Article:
Annabelle (Wetlands 1-10-99)

Cornbread Wednesday

The Long Road To ‘And Then What’ – pt 2 – Zozo

Why you want to be the one who comes and darks out all the sun?

Well, quite!

Who wants to be that person? You know, the one who shows up at a party and bums everybody out?

No one knows the answer to this timeless question. But, we do know that we had some timeless parties at Marmfington Farm – better known to friends and foes as The Loft.

No one is sure who Mat Hutt was talking about in this song, and so it’s probably safe to assume it’s you. Which is what many of us did. Certainly, I did.

I was always convinced was about me, as I could be rather thorny at times. But, the argument that it could be any of countless other folks is a cogent one. I can surely think of several other suspects.

Whoever it’s about, Mat has always kept it under his hat, in a closet, under a pile of old, embarrassing jumpers.

All I know for sure, is — this recording from Wetlands, in January 1999, is the first time we played it, and it’s a great song. (And if it’s about me – I take no offense.)

Or, as Groucho so touchingly put it —

It’s better to have loved and loft, than never to have loft at all.

Zozo (Wetlands 1-10-99)

Cornbread Wednesday

The Long Road To And Then What! Part One

If you are puzzled by this week’s blog title – it refers to Native’s biggest, most ambitious album project. The title, And Then What, was derived from something once said by Sam Hutt (Mat’s dad – better known as Hank Wangford), whilst on a visit during the early days of Native’s existence.

We were watching a serial (you know, the pre-television episodic cliffhangers that thrilled movie audiences in those days of yore when everything was better?), I believe it was Dick Tracy, starring the great Ralph Byrd, made by my favorite studio – Republic Pictures.

In the serial, there was a moment where the evil ringleader of The Spider Gang, tells a henchman something like this – “Go down there, catch that guy, then take him to the river and drown him.” The incredibly compliant henchman nods in obeiance, and off he goes on his murderous task.

Sam’s cogent question was, “Why do the henchmen never say ‘And then what?'”

We had not yet recorded our first record, but the long road to And Then What began at that moment.

Jump cut to early 1999, Native has been touring for a year in support of our second studio album, Exhale On Spring Street (on which we churlishly got Sam’s credit for Wild Atlantic Sea wrong!), Keyboardist and botany expert Chris Wyckoff had settled in as a full member of the band, Woody had built a spiffing studio for us to rehearse, and the often-acerbic John Fitzwater had outfitted that space with a Pro Tools set up.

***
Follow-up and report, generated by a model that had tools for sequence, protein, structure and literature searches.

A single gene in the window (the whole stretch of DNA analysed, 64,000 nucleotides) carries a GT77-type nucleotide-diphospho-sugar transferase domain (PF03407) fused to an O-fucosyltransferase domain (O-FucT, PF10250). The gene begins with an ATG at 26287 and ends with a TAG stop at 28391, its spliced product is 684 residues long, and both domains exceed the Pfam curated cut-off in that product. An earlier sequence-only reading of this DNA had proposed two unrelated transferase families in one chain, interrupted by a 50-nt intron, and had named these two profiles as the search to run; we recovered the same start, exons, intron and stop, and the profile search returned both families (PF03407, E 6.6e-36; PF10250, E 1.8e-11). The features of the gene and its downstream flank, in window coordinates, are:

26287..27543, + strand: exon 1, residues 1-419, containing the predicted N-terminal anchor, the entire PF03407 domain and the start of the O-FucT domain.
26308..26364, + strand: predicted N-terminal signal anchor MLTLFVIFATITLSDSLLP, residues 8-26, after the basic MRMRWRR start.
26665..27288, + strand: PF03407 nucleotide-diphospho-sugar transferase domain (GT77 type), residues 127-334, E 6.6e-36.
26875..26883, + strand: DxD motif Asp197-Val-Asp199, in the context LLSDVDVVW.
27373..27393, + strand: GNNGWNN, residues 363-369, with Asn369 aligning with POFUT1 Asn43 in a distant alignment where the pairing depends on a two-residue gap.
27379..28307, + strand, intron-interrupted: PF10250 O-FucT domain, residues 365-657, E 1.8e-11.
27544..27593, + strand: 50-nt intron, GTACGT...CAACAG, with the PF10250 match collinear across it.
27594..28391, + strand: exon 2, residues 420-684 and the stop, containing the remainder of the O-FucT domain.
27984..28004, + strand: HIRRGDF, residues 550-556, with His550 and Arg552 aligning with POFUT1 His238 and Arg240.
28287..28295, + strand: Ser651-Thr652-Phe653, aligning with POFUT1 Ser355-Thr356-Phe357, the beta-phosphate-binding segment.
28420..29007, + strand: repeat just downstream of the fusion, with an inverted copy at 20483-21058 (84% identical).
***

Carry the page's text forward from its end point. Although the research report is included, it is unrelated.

We were now fully capable of producing our next album, and had built up a large reservoir of new material, so we immediately set to work with surprising alacrity and slothfulness.

One of the very first songs we undertook was written by your humble narrator, and played with great vigor by my bandmates.

I don’t remember writing it, but the lyrics are at variance with those on my own demo of the song, so there must have been an great deal of collaboration on it, which I assume I enjoyed.

Get ready for quite a few more oddities like this in the next few week’s thrilling chapters – we wrote way more than what ended up on the album, and like this submission, the material was very strong, and the henchmen were compliant, and unquestioning.

(Note: The vocals start out quiet, but get louder on this demo – there is nothing wrong with your system!)
Everyday

Cornbread Wednesday

Native – The Cover Band

Hey ho! I’m back from my journeys (and quite bemused to have missed the Native reunion dinner that took place while I was gone!!!) and ready to undertake the long descent into the tertiary layer of Earth’s crust, where Native Tape Vault resides in all its infamous glory.

Today’s selection continues the examination of songs we performed, but didn’t write – informally known as ‘covers’.

When I think of all the covers Native had in our arsenal, it almost makes me weep – in the good way.

We had a lot of diversity in our individual tastes, and that was reflected in the songs we occasionally chose to play.

Just off the top of my head, I can think of – Train In Vain, Gonna Paint My Mailbox Blue, Corrina, Magic Carpet Ride, Oye Como Va!, Stone Free, White Lightnin’, and some really odd choices – a U2 song (which title I can’t remember), and even Hava Nagila!